The Building Tradesman Newspaper

Friday, October 29, 2004

Who pays for personal protective equipment? Maybe workers should, OSHA suggests

By Marty Mulcahy, Editor



OSHA is considering a new rule which would require construction workers to pay for many types of personal protective equipment (PPE). The new rule under consideration would shift the burden of cost from employers – who currently pay for most types of PPE – to employees.

The federal safety agency said it wants to clear up questions of who should pay for required PPE – a matter which OSHA says has been subject to varying interpretation and application by the federal safety agency itself, employers and the courts. But some are wondering if OSHA is creating a problem where none exists.

“Here’s a rulemaking that has gone seriously awry,” wrote Jerry Laws, editor of Occupational Health & Safety. “With its ‘limited reopening of the rulemaking record’ in the Employer Payment for Personal Protective Equipment rule, OSHA this year did much worse than nothing. It turned a well-settled safety topic into a cauldron.”

Laws added, “out of the blue, OSHA asked whether PPE that is personal (for reasons of hygiene and personal fit) and taken from job to job could be considered ‘tools of the trade’ and not paid for by employers.”

It is understood that construction workers pay for and bring their own hard hats and steel-toed boots to the workplace, since they are considered safety equipment that involve personal fit which can be worn from job site to job site. Now OSHA is asking whether items like safety harnesses, respirators, fall arrestors, and welding masks should also be owned and paid for by employees rather than employers.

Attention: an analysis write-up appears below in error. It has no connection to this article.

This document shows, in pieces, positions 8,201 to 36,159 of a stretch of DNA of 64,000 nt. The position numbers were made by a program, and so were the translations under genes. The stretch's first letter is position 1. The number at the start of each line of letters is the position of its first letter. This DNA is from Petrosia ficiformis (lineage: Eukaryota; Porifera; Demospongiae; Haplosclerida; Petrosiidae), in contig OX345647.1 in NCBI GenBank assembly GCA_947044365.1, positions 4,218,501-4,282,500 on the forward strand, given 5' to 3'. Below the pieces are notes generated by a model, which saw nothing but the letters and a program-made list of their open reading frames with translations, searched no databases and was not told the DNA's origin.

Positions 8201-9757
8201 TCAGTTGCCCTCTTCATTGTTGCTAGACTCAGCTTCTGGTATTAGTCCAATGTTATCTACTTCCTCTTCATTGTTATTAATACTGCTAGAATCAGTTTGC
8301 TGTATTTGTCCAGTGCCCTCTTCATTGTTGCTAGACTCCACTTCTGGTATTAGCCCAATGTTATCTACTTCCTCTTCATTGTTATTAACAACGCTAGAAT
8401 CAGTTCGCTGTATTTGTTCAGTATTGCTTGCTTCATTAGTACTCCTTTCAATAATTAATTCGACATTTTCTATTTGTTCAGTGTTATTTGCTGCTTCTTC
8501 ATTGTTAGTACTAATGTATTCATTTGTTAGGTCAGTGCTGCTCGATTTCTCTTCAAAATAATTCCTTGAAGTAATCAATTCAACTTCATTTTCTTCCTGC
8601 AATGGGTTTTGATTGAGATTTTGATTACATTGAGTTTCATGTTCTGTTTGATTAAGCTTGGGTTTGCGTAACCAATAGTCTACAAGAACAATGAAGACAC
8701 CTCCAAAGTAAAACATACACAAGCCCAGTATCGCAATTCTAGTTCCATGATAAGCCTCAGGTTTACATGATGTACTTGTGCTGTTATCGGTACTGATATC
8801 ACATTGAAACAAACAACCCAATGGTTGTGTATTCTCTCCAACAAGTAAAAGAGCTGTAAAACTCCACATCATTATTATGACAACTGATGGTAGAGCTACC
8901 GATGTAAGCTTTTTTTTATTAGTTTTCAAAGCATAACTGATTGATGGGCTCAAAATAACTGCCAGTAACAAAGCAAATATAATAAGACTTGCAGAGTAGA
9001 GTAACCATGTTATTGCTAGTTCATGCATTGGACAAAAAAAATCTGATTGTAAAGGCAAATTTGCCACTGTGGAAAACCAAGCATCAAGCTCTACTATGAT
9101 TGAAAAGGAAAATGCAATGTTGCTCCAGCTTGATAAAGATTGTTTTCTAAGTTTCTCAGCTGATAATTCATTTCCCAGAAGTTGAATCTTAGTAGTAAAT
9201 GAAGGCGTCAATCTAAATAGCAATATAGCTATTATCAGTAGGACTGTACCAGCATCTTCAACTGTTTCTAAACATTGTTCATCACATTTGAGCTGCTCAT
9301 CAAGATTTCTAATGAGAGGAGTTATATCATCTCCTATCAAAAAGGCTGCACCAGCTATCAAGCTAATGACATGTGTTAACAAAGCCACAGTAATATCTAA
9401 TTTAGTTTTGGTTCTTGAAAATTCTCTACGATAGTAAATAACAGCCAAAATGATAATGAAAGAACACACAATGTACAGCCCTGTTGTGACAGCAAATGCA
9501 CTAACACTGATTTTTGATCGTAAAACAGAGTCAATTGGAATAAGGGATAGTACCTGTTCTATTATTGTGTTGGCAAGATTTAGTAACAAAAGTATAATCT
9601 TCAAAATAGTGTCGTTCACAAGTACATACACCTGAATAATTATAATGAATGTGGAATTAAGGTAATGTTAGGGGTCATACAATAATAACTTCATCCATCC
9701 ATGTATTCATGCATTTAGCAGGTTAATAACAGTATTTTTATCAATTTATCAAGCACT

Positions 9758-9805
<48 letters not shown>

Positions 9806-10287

The first round of public comments came mostly from employers – who were of course overwhelmingly in favor of shifting the costs.

One of the trades that would be most affected by such a rule would be Michigan-based Asbestos Abatement Local 207 members, who are at the bottom of the wage scale in the union trades but wear the most expensive equipment.

“Passing that kind of a rule would have a great financial impact on our members,” said Local 207 Business Manager Dan Somenauer. “I think our contractors realize that the greater costs would chase workers out of the business.”

Somenauer said depending on the hazardous material workers are removing, a worker could be wearing $500 worth of equipment. On a typical day, it costs about $25 per worker for items like disposable suits and respirator cartridges.

Peg Seminario, AFL-CIO director of health and safety, told the Hill News that OSHA’s decision is “a matter of looking like they are doing something” and is not “a serious effort to bring people together” because of the lack of input for safety and health and immigration groups. The AFL-CIO has maintained that requiring PPE would have the greatest negative impact on low-paid immigrant workers.

According to the Occupational Hazards.com web site, the AFL-CIO cited OSHA’s own figures that the existing rule requiring employers to pay for virtually all forms of personal protective equipment prevents more than 47,000 injuries annually. The labor federation said the existing rulemaking record indicates that workers’ health and safety suffer when workers pay for their own PPE, because they often cannot afford it, or use their PPE beyond its effective life.

OSHA is evaluating the responses to its public query and has not said when it will make a final decision.